Not an “I and Thou” relationship
This is an extraordinary state to reach and one we should all strive for. But, extraordinary as it is, even that isn’t practicing the presence of God on the deepest level. There’s still an “I-Thou” relationship with God, a bit of separation.
We should strive for the state where there’s no separation between us and God.  This is the deeper aspect of practicing the presence of God. But how do we get there?
On our spiritual path we have the techniques of yoga. By practicing Hong Sau and Kriya Yoga we can withdraw the life force from the senses and calm the mind in meditation. When the mind is calm we begin to feel God’s presence.
Yogananda said that when we meditate, we should try to feel the presence of God in certain ways — as joy, love, or peace. Choose one of these divine qualities and try to feel that vibration deeply in the heart. Try to become so connected with it that you identify yourself as that quality.
Become identified with God
When you can identify yourself as joy, love, peace or any of the other divine qualities, you are identified with God. You are actually practicing the presence of God. Then, if you can stay in that vibration after you leave meditation, and project it as you go about your work, you will be practicing the presence of God on the deepest level.
Unless we can feel God’s presence when we’re most quiet and centered, we aren’t going to feel it when our minds are engaged in the turmoil of phones ringing, people upset at us, and all the events of daily life. Maybe we can remember to think of Him a few minutes a day here and there. Or we can set our watches on a beeper so that once an hour it reminds us to say a little prayer. But it’s mainly affirmation.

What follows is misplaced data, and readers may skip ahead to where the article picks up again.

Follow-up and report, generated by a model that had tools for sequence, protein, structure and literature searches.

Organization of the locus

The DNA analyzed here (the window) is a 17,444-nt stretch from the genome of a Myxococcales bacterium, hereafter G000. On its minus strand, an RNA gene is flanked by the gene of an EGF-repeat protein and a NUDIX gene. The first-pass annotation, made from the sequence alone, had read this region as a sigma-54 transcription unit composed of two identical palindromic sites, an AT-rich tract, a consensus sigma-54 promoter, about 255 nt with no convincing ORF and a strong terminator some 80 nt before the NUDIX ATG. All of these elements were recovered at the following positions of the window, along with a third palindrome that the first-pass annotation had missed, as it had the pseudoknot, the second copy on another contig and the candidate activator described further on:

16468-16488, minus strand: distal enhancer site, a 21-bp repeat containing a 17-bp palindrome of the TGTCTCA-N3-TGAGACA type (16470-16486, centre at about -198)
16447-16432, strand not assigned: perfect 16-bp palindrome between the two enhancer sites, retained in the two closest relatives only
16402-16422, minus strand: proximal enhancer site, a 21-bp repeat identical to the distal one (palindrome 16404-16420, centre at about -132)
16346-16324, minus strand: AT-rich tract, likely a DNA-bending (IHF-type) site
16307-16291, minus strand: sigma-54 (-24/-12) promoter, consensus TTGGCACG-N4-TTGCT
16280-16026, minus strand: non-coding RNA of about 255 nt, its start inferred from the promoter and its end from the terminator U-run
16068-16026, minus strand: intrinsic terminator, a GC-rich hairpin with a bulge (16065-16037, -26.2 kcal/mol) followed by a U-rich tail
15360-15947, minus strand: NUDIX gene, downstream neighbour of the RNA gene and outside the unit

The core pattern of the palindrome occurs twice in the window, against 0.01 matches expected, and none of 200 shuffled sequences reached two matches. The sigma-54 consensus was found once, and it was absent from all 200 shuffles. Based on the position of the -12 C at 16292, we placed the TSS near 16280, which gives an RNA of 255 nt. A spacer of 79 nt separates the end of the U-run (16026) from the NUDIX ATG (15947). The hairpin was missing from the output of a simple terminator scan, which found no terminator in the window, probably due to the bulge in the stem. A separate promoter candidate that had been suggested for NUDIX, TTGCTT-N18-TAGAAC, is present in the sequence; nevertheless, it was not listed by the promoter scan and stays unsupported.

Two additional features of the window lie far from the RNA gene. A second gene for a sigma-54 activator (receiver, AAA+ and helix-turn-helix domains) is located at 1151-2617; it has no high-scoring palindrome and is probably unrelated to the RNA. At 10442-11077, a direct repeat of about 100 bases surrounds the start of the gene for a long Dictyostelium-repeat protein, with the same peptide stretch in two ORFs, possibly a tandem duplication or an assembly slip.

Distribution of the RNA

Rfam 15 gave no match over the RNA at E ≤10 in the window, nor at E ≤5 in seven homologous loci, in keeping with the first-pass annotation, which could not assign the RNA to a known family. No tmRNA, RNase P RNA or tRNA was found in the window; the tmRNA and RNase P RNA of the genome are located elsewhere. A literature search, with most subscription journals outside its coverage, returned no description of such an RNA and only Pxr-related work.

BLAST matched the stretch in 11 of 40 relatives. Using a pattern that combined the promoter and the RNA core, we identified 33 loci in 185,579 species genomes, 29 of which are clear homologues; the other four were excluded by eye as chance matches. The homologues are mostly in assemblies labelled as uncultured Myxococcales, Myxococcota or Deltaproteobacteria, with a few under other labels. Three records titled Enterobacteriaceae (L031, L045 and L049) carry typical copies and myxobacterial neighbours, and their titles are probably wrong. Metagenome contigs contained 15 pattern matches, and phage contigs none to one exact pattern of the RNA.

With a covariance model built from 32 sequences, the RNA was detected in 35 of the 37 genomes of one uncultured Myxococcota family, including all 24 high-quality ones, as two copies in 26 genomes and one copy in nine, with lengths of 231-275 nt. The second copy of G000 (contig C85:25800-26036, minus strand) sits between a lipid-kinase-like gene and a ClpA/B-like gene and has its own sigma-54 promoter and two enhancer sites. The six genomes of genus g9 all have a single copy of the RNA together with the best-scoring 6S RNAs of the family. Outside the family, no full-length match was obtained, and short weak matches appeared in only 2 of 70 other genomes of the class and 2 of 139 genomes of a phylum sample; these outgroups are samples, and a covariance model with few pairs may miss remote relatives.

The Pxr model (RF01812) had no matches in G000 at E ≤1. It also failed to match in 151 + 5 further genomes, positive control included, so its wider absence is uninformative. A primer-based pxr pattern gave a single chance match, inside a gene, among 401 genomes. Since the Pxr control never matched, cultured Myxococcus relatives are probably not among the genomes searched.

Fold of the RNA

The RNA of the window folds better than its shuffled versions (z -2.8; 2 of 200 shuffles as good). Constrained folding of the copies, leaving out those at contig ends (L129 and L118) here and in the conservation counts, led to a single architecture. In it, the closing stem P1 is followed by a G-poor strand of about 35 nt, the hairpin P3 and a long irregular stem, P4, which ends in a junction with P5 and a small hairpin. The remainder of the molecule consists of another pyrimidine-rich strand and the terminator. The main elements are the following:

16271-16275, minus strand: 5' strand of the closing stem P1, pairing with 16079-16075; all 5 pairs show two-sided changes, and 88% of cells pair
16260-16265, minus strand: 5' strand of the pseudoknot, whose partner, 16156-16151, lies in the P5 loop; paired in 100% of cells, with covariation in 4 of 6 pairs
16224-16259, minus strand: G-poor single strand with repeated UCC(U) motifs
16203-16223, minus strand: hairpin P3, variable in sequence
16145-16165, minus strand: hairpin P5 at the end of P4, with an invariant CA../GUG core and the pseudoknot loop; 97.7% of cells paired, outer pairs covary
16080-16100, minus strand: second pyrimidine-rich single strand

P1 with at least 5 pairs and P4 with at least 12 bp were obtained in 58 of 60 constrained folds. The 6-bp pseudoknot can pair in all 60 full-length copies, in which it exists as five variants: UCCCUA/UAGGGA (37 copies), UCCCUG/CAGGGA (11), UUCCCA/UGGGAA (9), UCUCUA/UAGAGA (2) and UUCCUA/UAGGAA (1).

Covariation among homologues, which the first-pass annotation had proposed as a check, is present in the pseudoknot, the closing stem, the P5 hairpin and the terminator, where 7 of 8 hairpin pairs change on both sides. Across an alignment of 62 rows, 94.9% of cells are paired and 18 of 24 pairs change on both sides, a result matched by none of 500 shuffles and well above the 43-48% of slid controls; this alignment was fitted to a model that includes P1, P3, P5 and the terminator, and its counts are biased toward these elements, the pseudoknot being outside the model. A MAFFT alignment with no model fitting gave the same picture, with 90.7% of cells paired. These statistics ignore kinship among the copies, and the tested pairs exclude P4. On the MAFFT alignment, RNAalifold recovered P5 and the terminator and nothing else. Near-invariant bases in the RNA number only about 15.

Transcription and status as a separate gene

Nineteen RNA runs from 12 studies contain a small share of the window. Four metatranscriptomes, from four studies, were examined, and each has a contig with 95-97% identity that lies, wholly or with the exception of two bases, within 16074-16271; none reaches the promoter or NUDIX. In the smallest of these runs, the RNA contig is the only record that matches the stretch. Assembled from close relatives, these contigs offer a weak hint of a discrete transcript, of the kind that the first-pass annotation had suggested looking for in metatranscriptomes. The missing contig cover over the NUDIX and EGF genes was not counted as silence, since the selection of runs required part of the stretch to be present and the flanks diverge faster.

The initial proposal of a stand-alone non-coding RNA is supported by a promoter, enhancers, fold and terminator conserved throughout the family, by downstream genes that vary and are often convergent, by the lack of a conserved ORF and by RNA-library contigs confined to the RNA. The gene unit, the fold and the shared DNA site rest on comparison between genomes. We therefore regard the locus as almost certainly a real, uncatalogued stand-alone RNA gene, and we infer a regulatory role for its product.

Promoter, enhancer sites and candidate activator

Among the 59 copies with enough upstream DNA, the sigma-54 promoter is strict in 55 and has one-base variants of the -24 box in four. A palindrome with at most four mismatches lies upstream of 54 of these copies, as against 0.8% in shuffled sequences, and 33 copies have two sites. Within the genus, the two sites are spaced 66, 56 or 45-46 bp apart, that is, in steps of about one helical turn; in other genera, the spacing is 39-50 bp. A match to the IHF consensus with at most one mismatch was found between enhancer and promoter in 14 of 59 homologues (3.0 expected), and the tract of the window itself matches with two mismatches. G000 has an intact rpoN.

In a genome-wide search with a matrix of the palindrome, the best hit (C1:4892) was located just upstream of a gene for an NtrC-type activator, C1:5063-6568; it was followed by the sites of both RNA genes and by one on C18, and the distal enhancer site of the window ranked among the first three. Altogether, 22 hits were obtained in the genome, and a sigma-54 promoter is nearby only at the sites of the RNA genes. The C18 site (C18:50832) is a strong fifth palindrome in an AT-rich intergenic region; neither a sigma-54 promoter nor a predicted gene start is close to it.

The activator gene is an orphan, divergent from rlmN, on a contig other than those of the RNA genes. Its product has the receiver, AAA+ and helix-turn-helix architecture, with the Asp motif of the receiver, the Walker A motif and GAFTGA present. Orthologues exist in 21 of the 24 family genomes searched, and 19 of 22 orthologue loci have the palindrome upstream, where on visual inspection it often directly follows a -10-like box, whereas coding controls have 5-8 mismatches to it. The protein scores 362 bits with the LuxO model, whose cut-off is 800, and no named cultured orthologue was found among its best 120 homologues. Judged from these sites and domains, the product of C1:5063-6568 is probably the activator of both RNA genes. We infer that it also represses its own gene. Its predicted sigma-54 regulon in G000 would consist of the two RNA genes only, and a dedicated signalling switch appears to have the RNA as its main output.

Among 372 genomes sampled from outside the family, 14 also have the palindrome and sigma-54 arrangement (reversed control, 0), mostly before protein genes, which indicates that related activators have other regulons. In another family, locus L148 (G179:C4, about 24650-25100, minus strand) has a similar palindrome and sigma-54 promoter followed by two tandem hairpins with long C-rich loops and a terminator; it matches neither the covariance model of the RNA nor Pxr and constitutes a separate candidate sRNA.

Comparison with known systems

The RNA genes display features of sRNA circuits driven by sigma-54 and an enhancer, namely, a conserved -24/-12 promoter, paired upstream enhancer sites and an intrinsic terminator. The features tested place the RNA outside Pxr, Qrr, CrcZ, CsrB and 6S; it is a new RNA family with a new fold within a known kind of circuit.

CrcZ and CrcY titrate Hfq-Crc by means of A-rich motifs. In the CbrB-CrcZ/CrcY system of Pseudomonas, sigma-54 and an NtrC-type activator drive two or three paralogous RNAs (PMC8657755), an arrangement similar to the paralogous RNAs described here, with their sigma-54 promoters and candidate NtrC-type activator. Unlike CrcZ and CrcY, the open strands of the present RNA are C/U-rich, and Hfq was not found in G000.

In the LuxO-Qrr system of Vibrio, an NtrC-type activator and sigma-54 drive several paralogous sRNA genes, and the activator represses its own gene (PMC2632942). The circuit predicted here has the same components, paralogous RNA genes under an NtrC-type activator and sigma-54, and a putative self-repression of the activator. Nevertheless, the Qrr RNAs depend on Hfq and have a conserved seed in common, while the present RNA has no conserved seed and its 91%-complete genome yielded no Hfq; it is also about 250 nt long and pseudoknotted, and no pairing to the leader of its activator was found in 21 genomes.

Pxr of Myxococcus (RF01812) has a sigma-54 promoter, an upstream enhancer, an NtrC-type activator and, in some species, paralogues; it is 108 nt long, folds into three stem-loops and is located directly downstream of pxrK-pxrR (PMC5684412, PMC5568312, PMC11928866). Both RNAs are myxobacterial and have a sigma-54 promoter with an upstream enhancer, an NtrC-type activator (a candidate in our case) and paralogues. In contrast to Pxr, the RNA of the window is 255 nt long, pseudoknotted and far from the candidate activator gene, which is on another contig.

To practice the presence of God successfully throughout the day, you first need to do it deeply in an inner way. It’s a rare person who can repeat a prayer so deeply and continuously that the mind spontaneously goes into a meditative state.
A slow process
Each day in meditation we should try to reach the state where the life force and consciousness are withdrawn. We should try to go deep enough in meditation to feel God’s presence. If we can feel God’s love or joy deeply in our hearts, and then stay in that vibration for five minutes outside of meditation, it will transform our lives and the lives of those around us.
This is a slow process. We need to be very accepting of ourselves because it’s not easy to do. So don’t get down on yourself or on others. It doesn’t help the process at all.
Just put intense love, devotion, and self-offering into your meditation. Offer up to God every thought, every attachment — everything that keeps you from practicing the presence of God. Then, after you feel God’s presence, go out and try to practice it for five minutes a day.
 

2 Comments

  1. So good to be reminded of these principles. There was also a priest in the Phillipines who spoke of practising the presence of God. (i think Gyandev McCord may have spoken of him in another tape). i will post this information if i can remember but absolutely, a tremedously powerful practice to use beyond our meditation,
    raja

  2. What a wonderful talk. I love this, and am going to incorporate it into my day. Thank you Jyotish! Love and blessings, Nancy